Do you love food? I sure do. I’m guessing that is just one of the things we have in common. Not everyone loves cooking, but everyone loves to eat good food.
Around here, good food isn’t just tasty, it promotes a healthy lifestyle.
Although I do not include the words organic, free-range, pastured, or unrefined in every recipe ingredient listing, this is the food philosophy I follow.
What is food philosophy?
It is a personal outlook or set of guiding principles about food.
Why is food philosophy important?
It is like anything else in life if you do not follow your own guiding principles, you end up subject to someone else’s. There will always be new trends in food, but trends are risky to follow and rarely help anyone make lasting changes toward a healthy lifestyle.
I believe the greatest obstacle to nutritional health in the U.S. is convenience. Modern men and women have relied on convenience foods for so long (more than a generation) that knowledge of whole food preparation has been lost.
Following a recipe or relying on pre-packed, processed foods is not the same as knowing how to cook. When asked how to best save money on groceries, Julia Child responded, “learn how to cook.” I would like to take that a step further—learning to cook whole foods (while avoiding processed foods) not only helps our budget, it improves our health and well-being.
Seven Pillars of Our Food Philosophy:
1. Real food, as close to the source as possible.
Vegetables grown in your own garden are superior to any other, with produce from farmers’ markets and grocery stores with a commitment to local farmers a close second.
Organic, grass-fed, humanely raised animals are an ideal source of meat. We look for local resources committed to products without growth hormones, antibiotics, preservatives, nitrites, or additives whenever possible.
2. Avoid processed and refined foods, i.e., convenience foods.
Refined flour and sugar are a double whammy to the immune system and are serious culprits causing inflammation, which contributes to heart disease, diabetes, and other diseases. The more processed or refined a food product is, the less nutritional value it will retain.
One way to significantly reduce the number of processed foods or refined food in our diet is to primarily shop the perimeter of the grocery store, dairy, meat, and produce (skip the bakery, it is full of refined foods). Also, skip the non-fat, reduced fat, low fat, sugar-free, and diet foods; stick with real, whole food.
3. Whole grains can be part of a healthy diet if care is taken to reduce the phytic acid prevalent in grains. Sprouting or soaking grain in an acid-base is the ideal way to consume grains. Even though we primarily eat sprouted grain products, it is still a minor part of our diet overall.
4. Fats are a vital part of our diet; some are even essential.
The way fats are extracted, stored, and utilized makes a great difference in how healthful they are to consume and is an important aspect to research beyond the latest headlines.
5. Limiting sugar, even natural sugars, in our diet is a crucial step in improving health and vitality. America’s addiction to sugar and sugar substitutes is evident in the sheer number of products developed to indulge our habit.
High fructose corn syrup has taken the spotlight. Still, whether it is fructose, sucralose (artificial sweetener), glucose, or sucrose, the negative effects of sweeteners on our health should be taken seriously. Agave nectar is relatively new on the health food scene.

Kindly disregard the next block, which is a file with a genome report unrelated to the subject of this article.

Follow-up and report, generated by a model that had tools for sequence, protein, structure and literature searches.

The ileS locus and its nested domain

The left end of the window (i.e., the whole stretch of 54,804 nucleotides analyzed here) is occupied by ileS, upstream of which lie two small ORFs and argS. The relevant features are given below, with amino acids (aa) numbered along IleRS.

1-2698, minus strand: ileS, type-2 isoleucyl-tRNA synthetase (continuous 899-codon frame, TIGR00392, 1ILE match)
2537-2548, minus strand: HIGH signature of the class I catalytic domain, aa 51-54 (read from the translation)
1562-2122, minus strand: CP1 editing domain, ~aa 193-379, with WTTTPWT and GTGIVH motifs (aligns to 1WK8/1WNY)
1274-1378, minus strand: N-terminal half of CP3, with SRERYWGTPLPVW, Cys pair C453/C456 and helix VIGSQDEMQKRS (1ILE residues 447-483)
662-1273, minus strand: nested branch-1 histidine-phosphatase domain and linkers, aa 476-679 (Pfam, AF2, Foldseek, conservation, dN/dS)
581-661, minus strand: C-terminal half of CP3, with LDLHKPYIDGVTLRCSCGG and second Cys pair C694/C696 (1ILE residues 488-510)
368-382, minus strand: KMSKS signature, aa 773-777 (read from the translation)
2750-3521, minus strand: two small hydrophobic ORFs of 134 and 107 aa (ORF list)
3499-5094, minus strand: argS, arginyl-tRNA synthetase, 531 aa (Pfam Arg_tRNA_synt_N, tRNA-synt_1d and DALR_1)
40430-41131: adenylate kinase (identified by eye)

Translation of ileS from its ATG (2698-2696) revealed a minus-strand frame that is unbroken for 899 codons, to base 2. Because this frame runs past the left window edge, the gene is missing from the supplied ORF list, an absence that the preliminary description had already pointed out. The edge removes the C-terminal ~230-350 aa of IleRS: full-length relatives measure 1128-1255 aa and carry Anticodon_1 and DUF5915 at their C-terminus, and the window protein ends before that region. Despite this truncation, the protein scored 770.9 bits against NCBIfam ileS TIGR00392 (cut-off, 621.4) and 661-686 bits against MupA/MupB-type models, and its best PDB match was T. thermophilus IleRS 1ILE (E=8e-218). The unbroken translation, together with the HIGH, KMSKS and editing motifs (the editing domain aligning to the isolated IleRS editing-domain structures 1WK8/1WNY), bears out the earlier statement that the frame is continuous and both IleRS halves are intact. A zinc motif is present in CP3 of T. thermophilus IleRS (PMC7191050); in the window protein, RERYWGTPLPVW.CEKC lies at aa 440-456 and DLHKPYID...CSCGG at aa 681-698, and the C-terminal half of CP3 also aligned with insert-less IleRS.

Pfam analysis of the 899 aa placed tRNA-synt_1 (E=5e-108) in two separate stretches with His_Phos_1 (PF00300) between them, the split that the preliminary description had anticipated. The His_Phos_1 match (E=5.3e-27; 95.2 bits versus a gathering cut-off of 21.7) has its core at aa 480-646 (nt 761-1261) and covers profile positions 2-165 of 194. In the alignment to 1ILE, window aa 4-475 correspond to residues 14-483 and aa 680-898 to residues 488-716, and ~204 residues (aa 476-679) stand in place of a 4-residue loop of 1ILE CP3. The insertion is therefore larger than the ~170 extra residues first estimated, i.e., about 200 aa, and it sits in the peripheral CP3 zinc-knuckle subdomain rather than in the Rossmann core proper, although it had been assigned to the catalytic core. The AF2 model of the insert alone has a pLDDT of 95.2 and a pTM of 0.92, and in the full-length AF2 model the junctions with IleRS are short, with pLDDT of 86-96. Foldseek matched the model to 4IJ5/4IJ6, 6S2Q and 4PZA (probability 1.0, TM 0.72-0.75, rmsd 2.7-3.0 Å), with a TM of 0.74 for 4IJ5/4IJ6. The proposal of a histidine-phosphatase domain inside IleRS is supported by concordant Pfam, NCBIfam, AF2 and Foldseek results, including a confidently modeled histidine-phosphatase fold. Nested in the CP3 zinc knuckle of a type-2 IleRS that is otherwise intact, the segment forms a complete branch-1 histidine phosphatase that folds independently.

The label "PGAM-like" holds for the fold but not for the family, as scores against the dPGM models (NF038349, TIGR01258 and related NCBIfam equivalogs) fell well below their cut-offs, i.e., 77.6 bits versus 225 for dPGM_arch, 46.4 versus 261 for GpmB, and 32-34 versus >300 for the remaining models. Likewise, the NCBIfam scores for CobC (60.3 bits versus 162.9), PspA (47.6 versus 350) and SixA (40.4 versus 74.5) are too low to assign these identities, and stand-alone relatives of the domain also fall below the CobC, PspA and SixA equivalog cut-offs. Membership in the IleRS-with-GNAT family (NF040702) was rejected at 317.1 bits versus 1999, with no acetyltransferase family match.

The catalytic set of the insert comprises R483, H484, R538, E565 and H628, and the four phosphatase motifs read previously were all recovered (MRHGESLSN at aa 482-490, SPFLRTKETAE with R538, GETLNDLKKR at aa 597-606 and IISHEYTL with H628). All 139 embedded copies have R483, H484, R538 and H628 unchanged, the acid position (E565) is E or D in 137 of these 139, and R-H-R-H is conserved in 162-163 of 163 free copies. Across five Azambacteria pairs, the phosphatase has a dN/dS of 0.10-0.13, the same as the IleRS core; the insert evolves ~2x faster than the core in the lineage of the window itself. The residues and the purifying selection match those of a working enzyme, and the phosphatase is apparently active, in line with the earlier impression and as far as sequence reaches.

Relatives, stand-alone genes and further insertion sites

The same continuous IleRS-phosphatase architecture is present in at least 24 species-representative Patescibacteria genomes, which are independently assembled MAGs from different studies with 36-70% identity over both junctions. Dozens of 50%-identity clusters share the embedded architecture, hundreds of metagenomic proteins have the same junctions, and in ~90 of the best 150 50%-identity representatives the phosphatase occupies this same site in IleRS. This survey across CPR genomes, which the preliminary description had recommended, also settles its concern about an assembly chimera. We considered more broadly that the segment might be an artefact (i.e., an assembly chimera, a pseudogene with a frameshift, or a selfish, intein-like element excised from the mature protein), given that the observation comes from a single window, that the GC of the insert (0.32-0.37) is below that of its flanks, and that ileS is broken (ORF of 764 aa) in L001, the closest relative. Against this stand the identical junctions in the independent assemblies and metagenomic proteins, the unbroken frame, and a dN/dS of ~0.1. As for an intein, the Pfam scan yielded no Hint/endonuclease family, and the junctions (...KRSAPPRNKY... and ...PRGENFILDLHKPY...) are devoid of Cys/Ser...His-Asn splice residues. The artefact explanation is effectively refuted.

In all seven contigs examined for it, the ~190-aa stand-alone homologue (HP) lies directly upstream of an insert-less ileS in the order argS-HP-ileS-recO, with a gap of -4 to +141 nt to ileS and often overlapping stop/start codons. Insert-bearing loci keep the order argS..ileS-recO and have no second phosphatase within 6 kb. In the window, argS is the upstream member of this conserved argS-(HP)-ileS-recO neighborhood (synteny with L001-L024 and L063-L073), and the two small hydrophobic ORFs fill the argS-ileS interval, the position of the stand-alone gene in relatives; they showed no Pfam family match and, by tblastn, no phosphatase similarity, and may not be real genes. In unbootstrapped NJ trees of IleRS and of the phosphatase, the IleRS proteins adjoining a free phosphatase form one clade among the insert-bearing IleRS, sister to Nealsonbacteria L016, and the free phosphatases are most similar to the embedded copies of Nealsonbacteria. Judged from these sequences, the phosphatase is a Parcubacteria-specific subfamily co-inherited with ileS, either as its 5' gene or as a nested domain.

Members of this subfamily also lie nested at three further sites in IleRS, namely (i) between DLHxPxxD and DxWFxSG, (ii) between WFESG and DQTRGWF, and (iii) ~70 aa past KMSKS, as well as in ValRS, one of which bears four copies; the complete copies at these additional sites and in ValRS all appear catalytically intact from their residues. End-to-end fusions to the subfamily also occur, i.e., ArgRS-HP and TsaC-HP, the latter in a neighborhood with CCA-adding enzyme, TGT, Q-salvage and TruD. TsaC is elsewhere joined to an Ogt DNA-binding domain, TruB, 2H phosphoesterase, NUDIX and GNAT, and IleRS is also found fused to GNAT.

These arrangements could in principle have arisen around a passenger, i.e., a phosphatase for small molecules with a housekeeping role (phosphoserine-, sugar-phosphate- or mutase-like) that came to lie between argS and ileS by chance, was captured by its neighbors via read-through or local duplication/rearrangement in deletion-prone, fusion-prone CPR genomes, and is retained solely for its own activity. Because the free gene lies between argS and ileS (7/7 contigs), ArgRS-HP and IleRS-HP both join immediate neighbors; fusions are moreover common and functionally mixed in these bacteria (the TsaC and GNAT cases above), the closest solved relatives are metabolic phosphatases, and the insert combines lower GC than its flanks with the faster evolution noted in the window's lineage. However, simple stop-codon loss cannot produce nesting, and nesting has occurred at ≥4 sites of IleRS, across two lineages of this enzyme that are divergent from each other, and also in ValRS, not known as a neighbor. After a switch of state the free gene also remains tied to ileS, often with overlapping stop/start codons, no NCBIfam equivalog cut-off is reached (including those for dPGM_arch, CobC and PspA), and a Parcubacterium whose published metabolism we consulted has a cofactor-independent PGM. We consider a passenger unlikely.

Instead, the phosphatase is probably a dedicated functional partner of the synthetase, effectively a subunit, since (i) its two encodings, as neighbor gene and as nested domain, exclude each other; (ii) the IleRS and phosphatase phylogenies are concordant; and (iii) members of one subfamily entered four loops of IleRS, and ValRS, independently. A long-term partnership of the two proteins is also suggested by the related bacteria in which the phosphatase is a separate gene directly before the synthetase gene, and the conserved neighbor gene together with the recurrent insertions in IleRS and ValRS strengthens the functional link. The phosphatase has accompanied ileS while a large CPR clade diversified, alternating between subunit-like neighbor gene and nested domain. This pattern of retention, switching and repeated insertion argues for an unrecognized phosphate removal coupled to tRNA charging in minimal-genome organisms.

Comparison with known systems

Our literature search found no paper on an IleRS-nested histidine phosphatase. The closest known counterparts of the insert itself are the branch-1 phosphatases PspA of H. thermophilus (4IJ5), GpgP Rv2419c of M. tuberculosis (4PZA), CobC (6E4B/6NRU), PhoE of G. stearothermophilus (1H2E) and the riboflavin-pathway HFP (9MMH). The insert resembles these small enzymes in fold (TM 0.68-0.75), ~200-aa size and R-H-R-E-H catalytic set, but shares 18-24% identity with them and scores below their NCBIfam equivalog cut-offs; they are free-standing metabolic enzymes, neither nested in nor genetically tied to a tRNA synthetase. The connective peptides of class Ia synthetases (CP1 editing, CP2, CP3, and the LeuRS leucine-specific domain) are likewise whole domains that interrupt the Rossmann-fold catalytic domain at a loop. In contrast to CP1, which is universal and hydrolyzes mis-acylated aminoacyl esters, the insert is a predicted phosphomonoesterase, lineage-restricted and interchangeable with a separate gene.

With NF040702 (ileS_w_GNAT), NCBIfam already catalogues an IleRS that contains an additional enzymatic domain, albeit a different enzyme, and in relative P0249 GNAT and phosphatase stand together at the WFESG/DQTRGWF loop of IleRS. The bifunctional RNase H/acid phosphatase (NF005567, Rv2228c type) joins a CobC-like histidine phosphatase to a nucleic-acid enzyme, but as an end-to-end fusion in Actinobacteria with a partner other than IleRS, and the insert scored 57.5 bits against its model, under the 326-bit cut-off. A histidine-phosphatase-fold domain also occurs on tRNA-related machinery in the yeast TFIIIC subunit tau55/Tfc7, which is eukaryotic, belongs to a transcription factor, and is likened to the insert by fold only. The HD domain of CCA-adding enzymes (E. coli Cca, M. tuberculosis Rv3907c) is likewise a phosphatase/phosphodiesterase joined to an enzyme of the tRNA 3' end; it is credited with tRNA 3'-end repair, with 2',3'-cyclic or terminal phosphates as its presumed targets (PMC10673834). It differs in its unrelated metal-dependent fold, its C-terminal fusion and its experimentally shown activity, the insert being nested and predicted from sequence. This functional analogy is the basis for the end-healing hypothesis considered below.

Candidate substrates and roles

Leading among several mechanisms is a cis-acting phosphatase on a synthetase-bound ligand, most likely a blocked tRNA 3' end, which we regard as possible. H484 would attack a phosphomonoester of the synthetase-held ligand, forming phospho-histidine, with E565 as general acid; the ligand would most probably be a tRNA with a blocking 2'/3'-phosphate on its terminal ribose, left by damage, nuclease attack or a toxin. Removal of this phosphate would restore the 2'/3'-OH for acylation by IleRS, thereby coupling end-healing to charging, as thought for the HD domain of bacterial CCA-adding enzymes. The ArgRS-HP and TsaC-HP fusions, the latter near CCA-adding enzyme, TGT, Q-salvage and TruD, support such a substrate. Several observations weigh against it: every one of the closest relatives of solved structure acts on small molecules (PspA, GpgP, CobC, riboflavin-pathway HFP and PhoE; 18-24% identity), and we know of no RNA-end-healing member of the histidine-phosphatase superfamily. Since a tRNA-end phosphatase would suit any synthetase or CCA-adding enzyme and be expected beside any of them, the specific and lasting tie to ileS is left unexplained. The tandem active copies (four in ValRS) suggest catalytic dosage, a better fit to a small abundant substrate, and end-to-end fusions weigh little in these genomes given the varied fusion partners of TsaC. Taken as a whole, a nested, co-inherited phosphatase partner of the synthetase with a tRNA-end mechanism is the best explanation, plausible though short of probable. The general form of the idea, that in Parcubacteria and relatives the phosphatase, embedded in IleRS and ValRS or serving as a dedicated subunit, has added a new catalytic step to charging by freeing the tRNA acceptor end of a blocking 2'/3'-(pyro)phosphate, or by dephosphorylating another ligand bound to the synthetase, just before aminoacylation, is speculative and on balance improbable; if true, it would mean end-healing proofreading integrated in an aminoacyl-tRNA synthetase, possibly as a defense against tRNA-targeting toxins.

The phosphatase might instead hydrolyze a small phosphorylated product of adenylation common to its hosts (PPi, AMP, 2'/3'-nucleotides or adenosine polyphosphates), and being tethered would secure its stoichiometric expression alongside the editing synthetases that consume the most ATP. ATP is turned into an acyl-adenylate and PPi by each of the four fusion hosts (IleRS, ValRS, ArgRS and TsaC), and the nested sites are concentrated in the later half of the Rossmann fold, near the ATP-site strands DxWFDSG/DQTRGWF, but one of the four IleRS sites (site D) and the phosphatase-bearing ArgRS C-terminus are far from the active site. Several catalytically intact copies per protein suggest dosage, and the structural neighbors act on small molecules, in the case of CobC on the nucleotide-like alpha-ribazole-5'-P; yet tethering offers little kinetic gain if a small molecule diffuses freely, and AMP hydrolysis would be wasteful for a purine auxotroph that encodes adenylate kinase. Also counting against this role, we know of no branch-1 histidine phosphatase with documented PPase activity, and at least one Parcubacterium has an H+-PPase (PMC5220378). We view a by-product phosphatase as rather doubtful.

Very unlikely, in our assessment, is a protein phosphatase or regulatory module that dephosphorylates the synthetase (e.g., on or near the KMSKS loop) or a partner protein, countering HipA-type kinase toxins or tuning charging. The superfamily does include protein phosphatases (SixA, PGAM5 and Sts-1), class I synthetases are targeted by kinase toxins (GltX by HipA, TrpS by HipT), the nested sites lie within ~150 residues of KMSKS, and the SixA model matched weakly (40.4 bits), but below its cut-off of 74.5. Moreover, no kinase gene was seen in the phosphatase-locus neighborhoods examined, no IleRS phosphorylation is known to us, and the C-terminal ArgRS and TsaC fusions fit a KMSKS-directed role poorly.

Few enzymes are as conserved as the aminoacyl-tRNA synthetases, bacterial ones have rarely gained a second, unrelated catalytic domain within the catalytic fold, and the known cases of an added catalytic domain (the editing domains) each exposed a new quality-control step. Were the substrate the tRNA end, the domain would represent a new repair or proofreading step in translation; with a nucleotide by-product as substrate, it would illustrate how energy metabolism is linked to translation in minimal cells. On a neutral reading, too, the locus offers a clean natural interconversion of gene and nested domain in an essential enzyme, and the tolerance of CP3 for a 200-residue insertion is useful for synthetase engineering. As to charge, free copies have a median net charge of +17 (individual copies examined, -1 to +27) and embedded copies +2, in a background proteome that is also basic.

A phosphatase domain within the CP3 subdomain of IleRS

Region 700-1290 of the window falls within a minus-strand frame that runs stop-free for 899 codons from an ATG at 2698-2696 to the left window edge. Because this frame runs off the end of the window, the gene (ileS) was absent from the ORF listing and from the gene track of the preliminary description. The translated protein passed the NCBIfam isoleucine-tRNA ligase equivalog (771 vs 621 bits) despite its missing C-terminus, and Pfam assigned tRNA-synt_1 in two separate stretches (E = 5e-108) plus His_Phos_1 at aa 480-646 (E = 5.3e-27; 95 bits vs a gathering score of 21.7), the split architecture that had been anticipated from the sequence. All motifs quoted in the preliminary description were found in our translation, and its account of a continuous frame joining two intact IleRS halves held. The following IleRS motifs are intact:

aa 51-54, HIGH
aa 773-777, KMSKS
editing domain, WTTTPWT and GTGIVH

However, few consumers are aware of the chemical processes necessary to produce the product, so we have chosen not to use it. Unrefined honey, palm coconut sugar, stevia, or succanat (unrefined cane sugar) are better choices, yet still important to limit.
6. Organic vs. Non-Organic: Whether you are environmentally conscious or simply trying to avoid ingesting chemicals on every leafy green passing your plate, organic produce is an excellent choice for the 5 recommended daily servings.
Here is a quick list to get started without breaking the bank. These are commonly referred to as the “Dirty Dozen”: celery, peaches, strawberries, apples, blueberries, nectarines, bell peppers, spinach, kale, cherries, potatoes, and grapes (imported).
Conversely, to leave a little more room in your food budget while avoiding pesticides, there are conventionally grown fruits and vegetables referred to as the “Clean 15″: onions, avocado, sweet corn, pineapple, mango, sweet peas, asparagus, kiwi, cabbage, eggplant, cantaloupe, watermelon, grapefruit, sweet potato, honeydew melon.
Click for a side-by-side, printable shoppers guide.
7. Relationships are more important than food.
While we are purposeful regarding our food choices, it is also important to be courteous. We make the best choices we can at parties, dining out, or as guests in other homes—placing more value on being gracious.
Food philosophy is something we use to guide our own choices, not to impose upon, criticize, or judge what others eat.
The first six pillars are what we follow 90% of the time, though we still enjoy the occasional dessert or birthday cake made with white flour and sugar (which is why you will still find some of those recipes here).
These pillars are guiding principles rather than rigid rules. Through experience, we know the closer we follow them, the better we feel.
Each of us can quickly decipher what our food philosophy is simply by what we put on our plate. Of course, each individual must test and prove what works best for them.
It can take considerable focus due to the abundance of information one must wade through, but we have found sustained health and vitality is worth the effort.
A few of the resources we follow for nutrition and health:
The Maker’s Diet by Jordan Rubin
Nourishing Traditions by Sally Fallon
Food Smart by Cheryl Townsley
Disclaimer: This information describes my personal food philosophy and lifestyle choices and is not intended as medical advice.